The brand wants to slim down its range.
Mercedes is changing a lot of things that were formerly considered staples of the brand's identity. For starters, the recently-revealed C-Class will not be offered with any six-cylinder engines. EVs are now where the German automaker's focus lies, and with exciting new offerings like the EQC proving that EVs can avoid being intimidating, there's no reason for the brand to put so much of its resources into traditional offerings. This includes drop-tops/cabriolets/convertibles and coupes, and although there's a new SL cabrio on the way, Mercedes won't be proliferating its range with the two-door body style as much as before.
Speaking with Autocar, Mercedes' Chief Operating Officer Markus Schafer said: "We reached a portfolio of close to 50 vehicles last year, and there's more to come on the electric side with our EQ line-up... Some of [our models] got quite narrow [in terms of market] so we want to really focus on a portfolio that's more precise and consumer-oriented. So we're doing some significant shifts in our line-up, portfolio and shape of vehicles."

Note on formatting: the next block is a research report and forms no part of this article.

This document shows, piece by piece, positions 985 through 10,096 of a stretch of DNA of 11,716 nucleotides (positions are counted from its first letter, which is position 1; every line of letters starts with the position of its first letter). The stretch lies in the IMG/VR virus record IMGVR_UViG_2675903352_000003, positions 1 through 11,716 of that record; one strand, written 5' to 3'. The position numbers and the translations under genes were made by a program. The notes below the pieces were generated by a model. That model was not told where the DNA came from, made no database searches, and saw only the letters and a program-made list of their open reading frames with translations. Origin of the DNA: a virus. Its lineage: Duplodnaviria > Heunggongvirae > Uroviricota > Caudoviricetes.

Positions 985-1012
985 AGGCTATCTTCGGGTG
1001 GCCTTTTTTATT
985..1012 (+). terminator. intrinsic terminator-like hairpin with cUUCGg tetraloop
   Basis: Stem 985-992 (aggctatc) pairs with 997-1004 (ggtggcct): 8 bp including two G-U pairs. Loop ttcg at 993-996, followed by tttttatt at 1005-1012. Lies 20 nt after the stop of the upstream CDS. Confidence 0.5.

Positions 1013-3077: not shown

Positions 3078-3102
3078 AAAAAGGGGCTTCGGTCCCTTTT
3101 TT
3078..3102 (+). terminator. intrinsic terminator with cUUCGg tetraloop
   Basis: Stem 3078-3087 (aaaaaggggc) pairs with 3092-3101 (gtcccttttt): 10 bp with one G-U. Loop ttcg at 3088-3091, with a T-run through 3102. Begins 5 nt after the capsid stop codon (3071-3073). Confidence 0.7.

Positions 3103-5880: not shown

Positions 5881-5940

He went on to explain that the brand has a very high density of coupes and cabriolets with the C-Class, E-Class, and SLC at the moment, but with the market eschewing these offerings more and more frequently, continually offering cars that people aren't buying makes no sense.
But this does not spell the end of the cabrio with the three-pointed star. "We will not give up the segment because it's very important to use as a brand-shaper, but maybe in a more limited offering." Essentially, what this means is that the luxury automaker will continue to offer these body styles, but with more emphasis on luxury and tech in the future.
Cabrios and coupes will be more exclusive and will appeal to a specific section of the market, in contrast to the saturated offering currently available. Maybe cars like the AMG GT-R Roadster will live on, but these will feel more special in the future, and that can only be a good thing.